Additionally, hiring a CPA can help you flesh through inventory data or any data that your company relies on in order to be able to sustain itself. Most people think of CPAs as only being able to handle finances, when in fact, CPAs have the capabilities to analyze most types of numerical data that may or may not impact your business.

Still not convinced a CPA should be your first hire? Does your business want to make money? If you answered yes, our case has been proven.

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Can My CPA Help With Issues Besides Tax?

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CPAs & Non-Tax Issues

Many businesses and business owners struggle every day with whether or not they should hire a CPA or a financial planner. While sometimes these job titles can be used interchangeably, they often perform very different functions. The majority of CPAs focus solely on tax matters, but there are some CPAs who can actually help with non-tax matters as well.

The one great thing about those in the financial industry is that many financial professionals have a wide breadth of knowledge, especially CPAs. It all boils down to the experience and area of expertise for the particular person in question. You can have expertise in one area but working knowledge in another.

If you want to know whether your CPA can help you with non-tax matters, you simply need to ask them that question. Your CPA knows their own capabilities better than anyone else, and if you’ve hired an honest one, he will be entirely candid about his qualifications. He will also be willing to point you in the direction of others who may be more able to assist you in the event that his own qualifications do not meet your particular needs.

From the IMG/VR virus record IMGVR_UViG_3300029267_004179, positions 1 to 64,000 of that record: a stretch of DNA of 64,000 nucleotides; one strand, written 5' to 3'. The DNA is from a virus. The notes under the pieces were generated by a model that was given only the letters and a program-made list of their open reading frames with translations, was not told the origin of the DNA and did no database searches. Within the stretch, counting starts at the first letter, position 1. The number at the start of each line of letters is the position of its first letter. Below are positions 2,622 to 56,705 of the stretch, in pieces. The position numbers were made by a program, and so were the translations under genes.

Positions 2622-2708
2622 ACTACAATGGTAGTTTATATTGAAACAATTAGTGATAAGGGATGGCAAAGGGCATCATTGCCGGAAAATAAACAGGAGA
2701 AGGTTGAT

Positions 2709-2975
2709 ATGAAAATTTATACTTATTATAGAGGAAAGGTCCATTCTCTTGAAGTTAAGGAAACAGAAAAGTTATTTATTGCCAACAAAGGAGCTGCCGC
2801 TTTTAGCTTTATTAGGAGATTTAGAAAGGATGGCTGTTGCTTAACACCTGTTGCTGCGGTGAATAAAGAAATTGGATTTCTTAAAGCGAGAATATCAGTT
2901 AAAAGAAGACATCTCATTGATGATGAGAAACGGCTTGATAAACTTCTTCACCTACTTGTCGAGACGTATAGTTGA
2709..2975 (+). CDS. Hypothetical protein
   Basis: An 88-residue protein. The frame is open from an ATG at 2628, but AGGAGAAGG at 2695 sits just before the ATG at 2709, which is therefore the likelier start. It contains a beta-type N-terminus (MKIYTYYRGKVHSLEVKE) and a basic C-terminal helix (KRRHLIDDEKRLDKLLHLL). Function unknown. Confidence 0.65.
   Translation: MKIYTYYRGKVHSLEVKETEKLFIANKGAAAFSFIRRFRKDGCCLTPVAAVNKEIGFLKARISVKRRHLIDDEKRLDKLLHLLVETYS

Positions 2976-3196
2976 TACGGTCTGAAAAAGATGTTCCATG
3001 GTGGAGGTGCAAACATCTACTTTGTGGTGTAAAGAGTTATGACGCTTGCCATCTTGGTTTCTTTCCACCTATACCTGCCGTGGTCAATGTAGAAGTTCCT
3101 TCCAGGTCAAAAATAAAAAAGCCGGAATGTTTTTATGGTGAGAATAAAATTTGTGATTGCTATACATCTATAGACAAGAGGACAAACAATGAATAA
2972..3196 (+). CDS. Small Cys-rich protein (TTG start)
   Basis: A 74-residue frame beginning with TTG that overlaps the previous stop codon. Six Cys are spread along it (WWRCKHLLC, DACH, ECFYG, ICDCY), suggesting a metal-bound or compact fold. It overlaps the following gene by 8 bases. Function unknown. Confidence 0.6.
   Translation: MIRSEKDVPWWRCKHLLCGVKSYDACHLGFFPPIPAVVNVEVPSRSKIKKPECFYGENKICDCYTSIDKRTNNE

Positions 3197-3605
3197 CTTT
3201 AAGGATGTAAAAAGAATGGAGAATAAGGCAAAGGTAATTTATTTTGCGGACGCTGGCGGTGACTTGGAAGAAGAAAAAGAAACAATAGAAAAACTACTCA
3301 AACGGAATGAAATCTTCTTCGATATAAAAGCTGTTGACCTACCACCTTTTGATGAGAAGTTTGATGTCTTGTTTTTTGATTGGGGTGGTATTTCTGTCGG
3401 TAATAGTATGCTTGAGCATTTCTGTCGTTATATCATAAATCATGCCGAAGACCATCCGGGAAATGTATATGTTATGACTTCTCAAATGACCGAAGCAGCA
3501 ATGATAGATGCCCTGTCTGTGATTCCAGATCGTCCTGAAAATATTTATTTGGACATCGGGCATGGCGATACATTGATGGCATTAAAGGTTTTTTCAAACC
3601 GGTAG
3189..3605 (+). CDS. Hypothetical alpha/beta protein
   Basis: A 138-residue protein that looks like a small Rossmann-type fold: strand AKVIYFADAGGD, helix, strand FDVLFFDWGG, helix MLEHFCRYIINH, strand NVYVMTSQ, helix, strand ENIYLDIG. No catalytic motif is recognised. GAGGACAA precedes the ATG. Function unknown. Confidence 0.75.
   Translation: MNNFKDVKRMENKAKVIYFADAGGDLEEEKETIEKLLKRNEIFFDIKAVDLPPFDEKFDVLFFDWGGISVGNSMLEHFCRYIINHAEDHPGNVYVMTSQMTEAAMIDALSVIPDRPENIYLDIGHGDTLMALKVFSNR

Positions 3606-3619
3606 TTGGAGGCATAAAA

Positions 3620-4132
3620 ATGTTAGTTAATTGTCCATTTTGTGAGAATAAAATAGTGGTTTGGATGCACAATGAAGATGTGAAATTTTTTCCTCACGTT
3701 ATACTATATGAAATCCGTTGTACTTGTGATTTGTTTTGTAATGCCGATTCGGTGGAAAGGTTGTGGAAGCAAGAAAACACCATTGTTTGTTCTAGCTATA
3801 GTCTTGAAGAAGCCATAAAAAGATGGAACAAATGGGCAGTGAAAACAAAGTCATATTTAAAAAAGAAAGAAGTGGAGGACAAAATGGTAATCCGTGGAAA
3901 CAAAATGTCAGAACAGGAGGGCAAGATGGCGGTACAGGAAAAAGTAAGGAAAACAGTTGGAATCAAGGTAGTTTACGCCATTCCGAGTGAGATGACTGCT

When in doubt, always seek the opinion of another CPA or other trusted individual in the field; not only can they give you an unbiased outlook, but they can also possibly save you from wasting money in the future.

Does your CPA help with non-tax issues? Are they well versed in subject matters outside of tax? In what other ways have they helped your business grow? Leave your comments below.

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Five Traits Every Successful CPA Should Have

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CPA Traits

Hiring a CPA can be a challenging task, especially if you have never hired one before. A quick google search of CPAs in your area will prove to you that the industry is vast and that there are many CPAs available for work throughout the local and national areas. When looking for a CPA, you want to make sure you identify the one who is best for you.

Here are 5 traits every successful CPA should have:


I am a firm believer that teamwork makes the dream work, and if your CPA isn’t supportive from the day you meet him or her then they probably are not the CPA for you. A CPA will be responsible for cleaning up any financial messes you find yourself in and you want to be assured that the CPA you hire isn’t just out to get your money but instead is there to help your business grow.


While a CPA is in no sense a life coach, they are your finance coach in many ways. It is important that your CPA motivate you to make better financial decisions so that you can improve your overall financial future.

Analytical Thinker

Anyone who becomes a CPA loves numbers and for that reason alone they are able to think on an analytical level. If you meet with your CPA and notice that they don’t think analytically you may want to make sure they are really a properly credentialed and licensed CPA. How can you help manage finances if you don’t enjoy analyzing things to death?